Little Ice Age bad!

My fourth thought was that we had bad storms before Col. Edwin Drake drilled America’s first oil well… Technically, it wasn’t America’s oil well. It belonged to the people who paid for its drilling.

Major New England hurricanes (some worse than Sandy) and sea surface temperatures back to 1000 AD.

My fifth thought was that if a warmer Atlantic Ocean caused bad weather, the Medieval Warm Period would have been really bad and the Roman & Minoan Warm Periods must have been veritable schist storms…

Major New England hurricanes and sea surface temperatures back to 1200 BC.

My sixth thought was that a total elimination of fossils (fossil-free) is impossible.

My seventh thought was that a total elimination of fossil fuels wouldn’t fix the weather any time soon (if ever) and it would kill half of the human population rather quickly.

“Trends in human population and nitrogen use throughout the twentieth century. Of the total world population (solid line), an estimate is made of the number of people that could be sustained without reactive nitrogen from the Haber–Bosch process (long dashed line), also expressed as a percentage of the global population (short dashed line). The recorded increase in average fertilizer use per hectare of agricultural land (blue symbols) and the increase in per capita meat production (green symbols) is also shown.” Erisman et al., 2008

My eighth thought was that the proposed solutions for fixing the weather will cost a lot more than what weather-related disasters are likely ever to cost in the future… And none of the solutions will fix the weather.

My ninth thought was that even if anthropogenic climate change was a contributing factor to the $500 billion, that’s chump change compared to the cost of just about everything else. In arguendo let’s accept the latest National Climate Assessment’s claim that “extreme weather events and natural disasters caused $91 billion in damages in 2018.” Not all of these costs were to businesses, but we’ll run with that number. What else takes bites out of businesses?

  1. March Madness $13.3 billion
  2. Shoplifting $44 billion
  3. Absenteeism $84 billion
  4. Weather <$91 billion
  5. Surfing the Internet $200 billion
  6. Regulatory compliance $1,900 billion
  7. Federal taxes $3,594 billion

Federal taxes include personal income taxes, Social Security taxes, corporate income taxes, excise taxes and estate taxes because, ultimately, it’s businesses that generate the revenue, enabling the taxation.

The IPCC calculated that it will cost $122 trillion to avoid 1.5 °C of warming relative to the alleged pre-industrial average. The average annual cost through 2050 would be $800 to $2,900 billion…

IPCC Demands $122 Trillion to Fight the Global War on Weather

And there isn’t one shred of evidence that a $122 trillion Global War on Weather will have any effect on the weather.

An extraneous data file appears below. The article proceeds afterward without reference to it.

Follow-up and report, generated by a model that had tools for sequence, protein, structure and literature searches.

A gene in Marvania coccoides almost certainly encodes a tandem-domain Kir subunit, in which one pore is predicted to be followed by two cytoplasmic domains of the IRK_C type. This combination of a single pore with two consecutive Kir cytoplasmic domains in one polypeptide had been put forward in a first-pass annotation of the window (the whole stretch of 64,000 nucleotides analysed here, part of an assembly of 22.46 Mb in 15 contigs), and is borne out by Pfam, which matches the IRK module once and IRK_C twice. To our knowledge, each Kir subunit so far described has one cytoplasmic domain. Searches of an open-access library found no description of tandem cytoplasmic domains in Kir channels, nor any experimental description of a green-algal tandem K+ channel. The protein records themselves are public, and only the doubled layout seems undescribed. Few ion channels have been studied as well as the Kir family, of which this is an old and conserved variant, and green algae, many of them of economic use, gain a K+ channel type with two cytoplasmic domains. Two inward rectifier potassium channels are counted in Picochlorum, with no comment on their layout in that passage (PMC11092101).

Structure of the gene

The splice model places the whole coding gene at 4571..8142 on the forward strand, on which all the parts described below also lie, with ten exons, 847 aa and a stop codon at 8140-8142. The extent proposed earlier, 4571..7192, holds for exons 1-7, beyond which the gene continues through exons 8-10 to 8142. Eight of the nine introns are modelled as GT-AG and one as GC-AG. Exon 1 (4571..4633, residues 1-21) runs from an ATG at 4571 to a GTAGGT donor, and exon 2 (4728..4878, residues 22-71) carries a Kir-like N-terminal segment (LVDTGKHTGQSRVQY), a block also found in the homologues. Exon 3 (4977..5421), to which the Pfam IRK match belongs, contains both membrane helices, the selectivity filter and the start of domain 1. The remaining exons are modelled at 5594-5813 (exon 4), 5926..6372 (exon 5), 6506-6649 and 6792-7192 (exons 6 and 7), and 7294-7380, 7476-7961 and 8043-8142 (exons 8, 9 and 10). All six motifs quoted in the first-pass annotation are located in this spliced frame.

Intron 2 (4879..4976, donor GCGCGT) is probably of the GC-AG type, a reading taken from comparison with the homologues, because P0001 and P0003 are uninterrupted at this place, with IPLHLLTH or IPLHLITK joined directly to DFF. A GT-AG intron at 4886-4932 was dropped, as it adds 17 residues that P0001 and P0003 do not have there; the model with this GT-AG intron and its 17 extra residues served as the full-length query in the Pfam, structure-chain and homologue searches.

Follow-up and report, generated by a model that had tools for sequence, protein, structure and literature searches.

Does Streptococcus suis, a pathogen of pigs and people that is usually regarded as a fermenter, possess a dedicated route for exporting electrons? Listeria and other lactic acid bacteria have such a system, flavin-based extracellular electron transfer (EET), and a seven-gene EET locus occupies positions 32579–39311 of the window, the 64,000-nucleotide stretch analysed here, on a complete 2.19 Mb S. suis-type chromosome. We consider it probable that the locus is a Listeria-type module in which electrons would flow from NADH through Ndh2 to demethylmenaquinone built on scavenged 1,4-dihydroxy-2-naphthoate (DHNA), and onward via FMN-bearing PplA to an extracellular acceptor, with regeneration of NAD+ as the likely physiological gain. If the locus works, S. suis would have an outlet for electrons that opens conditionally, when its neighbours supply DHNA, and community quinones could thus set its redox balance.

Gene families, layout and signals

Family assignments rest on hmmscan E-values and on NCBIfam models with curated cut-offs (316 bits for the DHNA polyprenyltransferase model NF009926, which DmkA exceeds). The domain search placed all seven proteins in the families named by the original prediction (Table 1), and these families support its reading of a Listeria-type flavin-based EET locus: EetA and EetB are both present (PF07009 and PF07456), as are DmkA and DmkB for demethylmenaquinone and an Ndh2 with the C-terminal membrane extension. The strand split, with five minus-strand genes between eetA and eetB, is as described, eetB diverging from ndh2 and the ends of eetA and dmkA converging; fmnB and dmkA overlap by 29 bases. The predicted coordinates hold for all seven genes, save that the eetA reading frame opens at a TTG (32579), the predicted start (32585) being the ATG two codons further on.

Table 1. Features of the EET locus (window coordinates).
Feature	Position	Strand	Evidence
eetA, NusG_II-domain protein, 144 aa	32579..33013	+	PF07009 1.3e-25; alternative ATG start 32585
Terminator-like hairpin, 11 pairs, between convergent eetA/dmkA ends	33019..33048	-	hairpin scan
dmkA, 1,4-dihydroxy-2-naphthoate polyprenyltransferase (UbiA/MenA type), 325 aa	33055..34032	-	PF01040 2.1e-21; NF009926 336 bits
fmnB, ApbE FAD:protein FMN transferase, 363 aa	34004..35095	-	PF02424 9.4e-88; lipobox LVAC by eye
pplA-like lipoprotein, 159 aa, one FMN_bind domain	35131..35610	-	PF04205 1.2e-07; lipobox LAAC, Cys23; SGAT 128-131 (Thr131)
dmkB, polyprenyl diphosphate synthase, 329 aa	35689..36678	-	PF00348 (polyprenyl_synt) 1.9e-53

“Paris climate promises will reduce temperatures by just 0.05°C in 2100” (Bjorn Lomborg)

If all of this wasn’t good enough, we haven’t even gotten to the full-Billy Madison bit yet…

First, asset owners should immediately carve out a climate solutions allocation, staff it with a dedicated team empowered to source deals across all asset classes, and give them an absolute return benchmark. A dedicated allocation will help put climate-friendly investments on a level playing field with more traditional assets and serve to drive a portfolio’s overall sustainability. This type of proactive approach will also be critical in achieving the tripling of low-carbon investment experts indicate is required to achieve the ambition of the Paris Agreement.

Next, and this is the big one, investors must establish a process through which all buy, hold or sell decisions are sustainable by 2030, where “sustainable” is defined as being consistent with a 2-degree Celsius or lower warming scenario. The reason for this is not altruism, nor is it a bet on a policy response. This step is about risk management. Markets are not fully pricing climate risk, due in part to incomplete data and inertia. As a result, investors own mispriced assets.


Finally, and this cannot be said enough, mother nature has canceled business-as-usual. Investors must recognize that they are taking a bet on climate whether they act or not.

Stanford Law School Blogs

Not just “no”… But NO FRACKING WAY! I make investment decisions based on obtaining the best return on capital over a timeline that is meaningful to me… I’m not making bets on anything that may or may not happen 80 to 200 years in the future. Nor would I ever trust a dime of my money to someone who would invest on the basis of what they think the weather will be like 80 to 200 years in the future and would intentionally p!$$ some of my money away on carving “out a climate solutions allocation” and staffing it with people who can’t find real jobs because they majored in sciencey-sounding liberal arts subjects.

And then, full Billy Madison went full circle…

“Fossil free” signs often generate a visceral reaction from those on the receiving end. The most disappointing responses are ones that misunderstand the message as demanding “social change” or as “a means to achieve policy ends.”

Stanford Law School Blogs

The phrase “fossil-free” earns Ms. Seiger eleventy gazillion Billy Madison’s

“’Fossil free’ signs” should draw “a visceral reaction” from everyone who has a real job, because the “fossil free” crowd is nothing more than a bunch of egg-head miscreants, incapable of holding real jobs, “demanding ‘social change’” as “a means to achieve policy ends,” namely global socialism.

“This is probably the most difficult task we have ever given ourselves, which is to intentionally transform the economic development model, for the first time in human history”, Ms Figueres stated at a press conference in Brussels.

“This is the first time in the history of mankind that we are setting ourselves the task of intentionally, within a defined period of time to change the economic development model that has been reigning for at least 150 years, since the industrial revolution. That will not happen overnight and it will not happen at a single conference on climate change, be it COP 15, 21, 40 – you choose the number. It just does not occur like that. It is a process, because of the depth of the transformation.”


You people need to get real jobs and stop annoying the productive segment of society.